Thirdly, because I was there. I was 19 and now at University. Emma, my girlfriend at the time, and me were driving home and drove past the Guildhall. I have no idea where we would have been to take us back past there but we did. As we came round the square we noticed people queuing up so we stopped and went over to ask what they were queuing for. “Live Aid” was the response. So we joined the queue and “slept” outside the Guildhall overnight until the box office opened at 10am the next morning.
I remember the 13th July 1985 very clearly mainly because it so hot that there were people at the side of the stadium spraying water into the crowd to cool us down! We saw an amazing lineup of bands and for that reason alone is why Do they know it’s Christmas gets included on this list.
Day 6 (1985): Slave to the Rhythm – Grace Jones
So I rediscovered Grace Jones’ Island Life album again earlier this year and thought how it really hasn’t aged and could chart now. Can’t say that about much else from the 80’s. Of course it’s that big Trevor Horn sound (again). He really does know how to do it right.
The album cover to Island Life has Grace Jones standing wearing not very much, oiled up, arse in the air. I still remember to this day my dad commenting “she’s got a great body”. Which, of course, she has but that’s not something I needed confirming by my father!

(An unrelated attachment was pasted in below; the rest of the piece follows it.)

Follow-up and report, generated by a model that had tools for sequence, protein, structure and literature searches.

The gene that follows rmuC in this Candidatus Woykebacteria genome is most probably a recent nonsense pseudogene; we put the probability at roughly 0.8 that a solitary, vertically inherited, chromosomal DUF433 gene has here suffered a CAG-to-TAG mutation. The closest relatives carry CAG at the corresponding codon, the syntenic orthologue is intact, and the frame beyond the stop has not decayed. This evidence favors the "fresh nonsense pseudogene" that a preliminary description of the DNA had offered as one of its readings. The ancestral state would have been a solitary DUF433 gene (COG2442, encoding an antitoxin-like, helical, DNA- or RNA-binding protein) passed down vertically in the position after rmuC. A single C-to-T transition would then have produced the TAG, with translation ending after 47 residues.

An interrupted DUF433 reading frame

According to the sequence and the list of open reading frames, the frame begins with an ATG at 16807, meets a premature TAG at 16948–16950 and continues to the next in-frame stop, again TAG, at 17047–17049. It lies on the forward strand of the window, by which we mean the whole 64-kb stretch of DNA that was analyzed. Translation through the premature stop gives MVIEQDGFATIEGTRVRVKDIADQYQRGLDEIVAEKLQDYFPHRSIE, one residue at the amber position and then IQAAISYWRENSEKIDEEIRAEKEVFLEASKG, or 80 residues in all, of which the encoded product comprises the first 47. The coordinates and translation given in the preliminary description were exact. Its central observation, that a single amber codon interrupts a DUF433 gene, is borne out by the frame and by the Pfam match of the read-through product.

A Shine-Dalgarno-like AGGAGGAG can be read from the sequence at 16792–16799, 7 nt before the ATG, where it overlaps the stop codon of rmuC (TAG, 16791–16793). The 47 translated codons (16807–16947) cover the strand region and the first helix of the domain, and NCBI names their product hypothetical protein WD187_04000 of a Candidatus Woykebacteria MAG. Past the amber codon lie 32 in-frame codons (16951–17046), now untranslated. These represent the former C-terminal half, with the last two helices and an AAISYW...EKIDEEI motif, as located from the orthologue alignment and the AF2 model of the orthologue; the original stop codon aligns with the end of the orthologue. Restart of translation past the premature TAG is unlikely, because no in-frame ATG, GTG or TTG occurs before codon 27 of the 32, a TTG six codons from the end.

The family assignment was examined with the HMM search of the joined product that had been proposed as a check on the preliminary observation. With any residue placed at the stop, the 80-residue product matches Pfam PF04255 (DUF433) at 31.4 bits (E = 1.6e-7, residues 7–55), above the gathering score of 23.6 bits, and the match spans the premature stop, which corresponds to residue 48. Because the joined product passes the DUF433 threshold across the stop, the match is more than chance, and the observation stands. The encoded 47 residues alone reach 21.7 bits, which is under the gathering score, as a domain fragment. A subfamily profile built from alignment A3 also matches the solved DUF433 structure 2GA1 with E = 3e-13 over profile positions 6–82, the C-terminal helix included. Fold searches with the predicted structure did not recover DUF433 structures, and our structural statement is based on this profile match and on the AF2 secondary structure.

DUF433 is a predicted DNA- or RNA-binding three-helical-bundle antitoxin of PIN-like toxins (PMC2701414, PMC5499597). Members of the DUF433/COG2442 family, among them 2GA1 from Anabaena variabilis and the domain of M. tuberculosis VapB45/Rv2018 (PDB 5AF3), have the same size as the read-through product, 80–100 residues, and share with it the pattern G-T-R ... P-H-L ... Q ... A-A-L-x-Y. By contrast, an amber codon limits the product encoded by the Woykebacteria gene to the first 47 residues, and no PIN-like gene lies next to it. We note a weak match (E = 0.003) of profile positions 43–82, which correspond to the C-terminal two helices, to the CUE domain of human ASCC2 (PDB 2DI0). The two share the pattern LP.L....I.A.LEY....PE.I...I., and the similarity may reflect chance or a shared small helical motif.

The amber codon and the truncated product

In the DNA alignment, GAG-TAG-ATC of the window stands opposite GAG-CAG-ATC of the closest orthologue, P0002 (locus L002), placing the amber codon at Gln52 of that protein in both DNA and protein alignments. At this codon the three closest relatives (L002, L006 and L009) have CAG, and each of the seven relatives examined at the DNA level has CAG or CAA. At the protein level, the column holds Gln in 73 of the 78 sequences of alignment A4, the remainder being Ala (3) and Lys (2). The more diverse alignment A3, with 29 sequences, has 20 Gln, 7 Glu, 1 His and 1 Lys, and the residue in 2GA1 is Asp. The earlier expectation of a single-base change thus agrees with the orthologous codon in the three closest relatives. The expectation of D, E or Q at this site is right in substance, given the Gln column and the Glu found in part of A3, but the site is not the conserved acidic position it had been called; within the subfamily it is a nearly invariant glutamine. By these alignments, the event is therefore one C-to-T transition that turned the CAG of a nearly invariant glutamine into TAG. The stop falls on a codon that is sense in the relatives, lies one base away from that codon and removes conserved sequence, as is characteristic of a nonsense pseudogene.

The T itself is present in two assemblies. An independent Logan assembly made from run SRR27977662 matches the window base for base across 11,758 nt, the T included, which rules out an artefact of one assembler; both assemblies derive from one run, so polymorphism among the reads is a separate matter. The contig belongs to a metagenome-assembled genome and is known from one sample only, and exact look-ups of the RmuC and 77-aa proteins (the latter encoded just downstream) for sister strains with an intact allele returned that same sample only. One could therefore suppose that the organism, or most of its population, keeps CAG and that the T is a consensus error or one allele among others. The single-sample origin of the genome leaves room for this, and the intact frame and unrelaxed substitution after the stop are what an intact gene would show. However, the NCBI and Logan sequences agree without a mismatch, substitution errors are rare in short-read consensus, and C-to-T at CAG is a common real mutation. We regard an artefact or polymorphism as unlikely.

At 20 I was still of the belief that to work out how often your parents had had sex you just needed to count your number of siblings and add one. So to hear anything vaguely sexual from my dad was quite shocking.
Day 7 (1986): Don’t Dream it’s Over – Crowded House
And so we reach the end of this music journey with the beginning of my Neil Finn obsession.
At about this time I would have been 21 and on my industrial placement at IBM. This meant more disposable income which went increasingly on CDs and a much better sound system. I still have the same speakers although the rest has gone.
I can’t remember what got me into Crowded House but it was also certainly this track which I still love to this day. For the jangling guitar at the beginning to the lyrics it is just sublime. After this I couldn’t get enough of the Finn’s output. In fact from 1991 to 2001 when, with a single exception, I saw no-one in concert unless they had been in Split Enz at some point! I’m also a member of the fan club but this is decidedly a very grown up affair.